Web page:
The second sample was the “Saint Lucia 85 percent dark chocolate – Rare & Vintage”. This had distinct woody and smoky aromas. The slow cacao roasting process had meant that the beans had not been over-roasted, which in turn ensured the chocolate did not have the bitterness that could
be expected from 85% cacao content.
Between our sampling, we were asked to crack open a chocolate bean that we’d been given and taste the nib. The nib is a small crunchy part at the heart of a roasted cocoa bean, which should melt in your mouth. We were glad to have received two beans, as the first I opened and mixed the husk with the nib, that then naturally resulted in a bitter taste. The second attempt was a success.
Our third heady sample was the Columbian “Aracataca 95% Dark Chocolate – Rare & Vintage”. Access to the plantation was by donkey, and the taste of this particular chocolate is unique due to the soil in which the farms grow their produce, and not so much the climate.
The fourth sample was the “Ghana 85% Dark Chocolate – Rare & Vintage”. After this selection for lovers of pure dark chocolate, we enjoyed a variety of summer fruit chocolates. These included “Peanut Butter and Jelly Selector” (salted peanut praline sandwiched in a raspberry and white chocolate) and the “Strawberry Cup” and were a delight for the sweet tooth.
Answering the question whether white chocolate is true chocolate, we learnt that the EU requirement is that the product contains a minimum of 30% cocoa. This compares to a minimum 10% requirement in the US. Hotel Chocolat distinguishes its quality by replacing sugar with cocoa. Dark chocolate is defined with a minimum of 70% cocoa, milk chocolate with 40%, and caramel or white chocolates with 35% or more. Hotel Chocolat ethically sources its produce, which guarantees to buy farmers’ entire cocoa harvests. It has established long-term partnerships with farmers to provide better prices and stable trading, and to make sure no child labour is involved. They also invited farmers to the UK to show how the company is run.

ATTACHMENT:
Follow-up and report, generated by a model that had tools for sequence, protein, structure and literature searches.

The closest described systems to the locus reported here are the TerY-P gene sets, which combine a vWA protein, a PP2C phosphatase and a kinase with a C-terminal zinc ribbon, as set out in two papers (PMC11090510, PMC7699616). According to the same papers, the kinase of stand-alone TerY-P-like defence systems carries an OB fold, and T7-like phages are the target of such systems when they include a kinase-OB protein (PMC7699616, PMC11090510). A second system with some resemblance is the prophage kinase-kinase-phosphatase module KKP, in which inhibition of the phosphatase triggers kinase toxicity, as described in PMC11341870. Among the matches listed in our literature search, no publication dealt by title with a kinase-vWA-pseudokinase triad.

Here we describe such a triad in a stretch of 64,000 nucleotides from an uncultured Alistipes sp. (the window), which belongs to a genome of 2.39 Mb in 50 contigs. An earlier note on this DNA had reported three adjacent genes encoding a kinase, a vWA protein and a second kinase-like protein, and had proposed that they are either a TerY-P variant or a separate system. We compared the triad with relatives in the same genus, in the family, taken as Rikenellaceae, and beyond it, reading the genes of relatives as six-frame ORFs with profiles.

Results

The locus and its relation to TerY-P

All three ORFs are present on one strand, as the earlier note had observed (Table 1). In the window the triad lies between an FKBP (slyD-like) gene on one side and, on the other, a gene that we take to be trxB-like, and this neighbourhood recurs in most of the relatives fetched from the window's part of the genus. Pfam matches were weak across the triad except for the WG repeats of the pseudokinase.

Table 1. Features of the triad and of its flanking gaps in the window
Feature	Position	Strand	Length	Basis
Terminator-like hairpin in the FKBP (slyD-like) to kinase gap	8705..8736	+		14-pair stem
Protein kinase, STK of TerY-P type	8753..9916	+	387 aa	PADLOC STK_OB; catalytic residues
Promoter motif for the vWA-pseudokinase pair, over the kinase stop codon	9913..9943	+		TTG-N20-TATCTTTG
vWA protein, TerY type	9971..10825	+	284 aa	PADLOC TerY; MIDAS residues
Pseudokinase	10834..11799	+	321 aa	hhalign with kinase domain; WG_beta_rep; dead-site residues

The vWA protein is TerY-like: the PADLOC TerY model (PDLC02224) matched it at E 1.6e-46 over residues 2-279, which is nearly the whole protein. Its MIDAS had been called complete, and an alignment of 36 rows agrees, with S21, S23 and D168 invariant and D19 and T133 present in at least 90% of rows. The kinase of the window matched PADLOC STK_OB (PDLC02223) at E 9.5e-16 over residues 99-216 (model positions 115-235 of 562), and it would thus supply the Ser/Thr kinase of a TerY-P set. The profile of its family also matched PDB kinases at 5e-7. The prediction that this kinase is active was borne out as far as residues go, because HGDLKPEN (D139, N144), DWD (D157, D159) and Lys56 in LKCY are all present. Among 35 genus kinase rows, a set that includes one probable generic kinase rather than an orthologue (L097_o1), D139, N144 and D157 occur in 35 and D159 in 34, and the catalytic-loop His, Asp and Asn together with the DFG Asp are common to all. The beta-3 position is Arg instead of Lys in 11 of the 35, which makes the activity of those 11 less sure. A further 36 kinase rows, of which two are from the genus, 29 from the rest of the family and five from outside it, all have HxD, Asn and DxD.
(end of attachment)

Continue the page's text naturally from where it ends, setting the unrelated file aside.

Our indulgent evening concluded with a shopping spree, where the guests were entitled to use a £10 voucher off anything purchased on the night. Hotel Chocolat also included further discount vouchers to be used on another day. Laurence surprised us one last time with our unexpected final praline chocolate sample.
Hotel Chocolat definition of terms are:
COCOA The more familiar term in the UK for the tree and its harvest. Cocoa is used to refer to the bean once roasting is complete and the processing begins.
COCOA BUTTER The natural vegetable fat which is contained within cocoa beans and cocoa mass, and which gives chocolate its luxurious mouthfeel.
COCOA MASS The finely ground paste of roasted cocoa beans, a very dark brown, half-fluid mass with chocolate aroma. The cocoa butter within it makes it fluid while its cocoa powder gives it colour, taste and aroma.